Back to the good news: Number one, the world’s first 100% recyclable wind turbine blades are soon to hit the market. There’s a consortium of French companies, for example, working on it. In addition, a Danish start-up has already found a way to crush these blades, turning what basically is an ultra resistant mix of fiberglass and of glue, into barriers designed to block noise from highways and factories. You know the barriers I’m referring to if you drive down a highway where people live nearby. In addition, a U.S. startup developed a method to break down the blades and press them into pallets and fiberboards, which are then used for flooring and for walls and they process 99% of those turbines.

Add to that the fact that in the European union, which strictly regulates what can go into a landfill, some blades are already burned in kilns that creates cement or in power plants. Now, that’s not a very ideal solution because their energy content is weak and uneven. But, as you can hear, people are trying to find solutions and are finding solution so much so that in Germany, for example, the German Institute for Standardization has already published, very recently, an industry standard developed by experts from the wind energy industry, from the recycling industry, as well as scientists and the German government, to create what is the first standard, anywhere in the world, for dismantling and recycling the wind turbines.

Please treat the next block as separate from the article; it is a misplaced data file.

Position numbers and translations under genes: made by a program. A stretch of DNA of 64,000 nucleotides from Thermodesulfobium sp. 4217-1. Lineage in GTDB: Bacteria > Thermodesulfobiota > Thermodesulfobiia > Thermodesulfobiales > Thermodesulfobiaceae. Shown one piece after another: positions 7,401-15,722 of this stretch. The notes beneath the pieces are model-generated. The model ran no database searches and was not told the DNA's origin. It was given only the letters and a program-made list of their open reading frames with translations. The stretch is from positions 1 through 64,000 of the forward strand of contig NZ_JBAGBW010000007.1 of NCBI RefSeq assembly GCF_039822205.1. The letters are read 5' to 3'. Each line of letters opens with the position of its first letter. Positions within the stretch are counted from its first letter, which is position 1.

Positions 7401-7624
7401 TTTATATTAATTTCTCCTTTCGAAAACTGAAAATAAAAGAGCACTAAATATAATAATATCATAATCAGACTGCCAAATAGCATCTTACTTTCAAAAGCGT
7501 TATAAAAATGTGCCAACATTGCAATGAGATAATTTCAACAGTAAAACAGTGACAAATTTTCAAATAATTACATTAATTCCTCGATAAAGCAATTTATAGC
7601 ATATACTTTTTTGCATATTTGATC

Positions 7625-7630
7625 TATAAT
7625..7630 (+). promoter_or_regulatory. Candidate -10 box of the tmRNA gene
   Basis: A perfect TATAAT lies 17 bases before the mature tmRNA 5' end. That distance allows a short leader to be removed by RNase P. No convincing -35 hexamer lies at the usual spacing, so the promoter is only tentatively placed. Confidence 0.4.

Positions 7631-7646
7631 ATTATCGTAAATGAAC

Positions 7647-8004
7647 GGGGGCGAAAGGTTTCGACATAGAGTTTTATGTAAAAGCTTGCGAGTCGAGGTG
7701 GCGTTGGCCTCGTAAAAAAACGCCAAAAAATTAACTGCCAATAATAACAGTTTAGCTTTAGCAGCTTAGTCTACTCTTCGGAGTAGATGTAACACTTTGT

And finally, let’s put the problem into perspective. You’ve already heard that 85 to 90% of the total mass of wind turbines can be recycled and that the residual problem that we’re dealing with today is the blades. To put the blades problem into perspective, these are landfill safe, unlike the waste from oil, gas and coal, for example. In addition, all the blade waste from the entire world through 2050, including everything we’re going to install, is 0.01%. of all the municipal solid waste we are already sending to landfills today.